“We’ve had some F1 drivers come and drive Formula E and they found it very challenging. We have a lot of things to deal with behind the wheel. A lot of remote controls and receivers,” Evans said. “A lot of it is a bit fluid because there is a lot of telemetries, which provides a lot guessing work, so it’s really tough. From a driver technique point of view, the braking is very tough, very sensitive to get right because of the regeneration that we use. The system uses the rear axel and the braking to use energy to recoup back into the battery. This changes the braking a bit, and it’s been quite a lot to get used to.”
All of this has to be monitored while zipping around a confined track that at times is pretty similar to New York City traffic. It requires incredibly quick thinking and physical endurance, which is surprising to some who think auto racing is all about getting in a car and driving.
The format of the races—there will be one each on Saturday and Sunday—doesn’t allow much time for rest or relaxation, either.
“It’s a one-day format, so we’re in the car at 8 a.m. doing two practice sessions, then we got qualifying and then an hour race,” Evans said. “And we have to do that twice over two days. Trust me, at the end of those two days, you’re pretty knackered.”
New Yorkers should probably take his word for it considering we’re usually spent just trying to cross the Verrazano Bridge in stop-and-go traffic. Evans is sitting extremely low to the ground, going at high speeds with a crowded field of drivers always looking to cut him off…without blinkers.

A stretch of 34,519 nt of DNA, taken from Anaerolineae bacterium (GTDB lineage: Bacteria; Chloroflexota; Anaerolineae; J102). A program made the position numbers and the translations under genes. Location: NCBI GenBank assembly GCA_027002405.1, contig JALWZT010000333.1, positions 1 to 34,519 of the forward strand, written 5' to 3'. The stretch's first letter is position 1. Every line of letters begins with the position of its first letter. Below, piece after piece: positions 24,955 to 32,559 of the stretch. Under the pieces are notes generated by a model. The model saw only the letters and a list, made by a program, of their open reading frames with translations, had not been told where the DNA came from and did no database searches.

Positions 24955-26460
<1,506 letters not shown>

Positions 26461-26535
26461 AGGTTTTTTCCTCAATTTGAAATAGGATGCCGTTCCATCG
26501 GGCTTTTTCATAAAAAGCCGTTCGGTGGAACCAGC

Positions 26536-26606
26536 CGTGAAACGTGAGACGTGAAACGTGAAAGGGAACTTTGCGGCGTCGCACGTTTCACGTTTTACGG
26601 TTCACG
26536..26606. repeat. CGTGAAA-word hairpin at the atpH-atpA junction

He’s dealing with all this while being the youngest driver in Formula E on a brand new team. Jaguar introduced their I-Type racecar this season, so the pair of rookies is continuing to find their way in the competition.
“I think we’ve done a great job this year with the limited experience we’ve had and everything we’ve gone through,” Evans said. “To be honest, I don’t really think about being the youngest. I’ve always been one of the youngest. In ePrix, there’s really no different. When you get to a certain age, it doesn’t really matter who you’re up against. Everyone knows what they’re doing.”
The playing field will be even more level considering the track in Brooklyn will be brand new to every driver this weekend. Formula E hadn’t disclosed much about the course to the 10 teams, which could provide Team Jaguar an opportunity to improve on its ninth-place standing.
“It’s very hard to prepare for a new circuit like we have in Brooklyn. In a traditional racing circuit, we have a lot of footage to look over and you roughly know what the track is,” Evans said. “But we don’t know what the track is going to be like here. We have just a sort of piece of paper layout… We’re not exactly sure of the scale of what we’re up against… Then we have to go tackle in in one day, which is tough.”
New Yorkers will have an opportunity to watch Evans take on Brooklyn on two separate occasions. Saturday’s race will take place at 4 p.m. before Sunday’s finale at 1 p.m.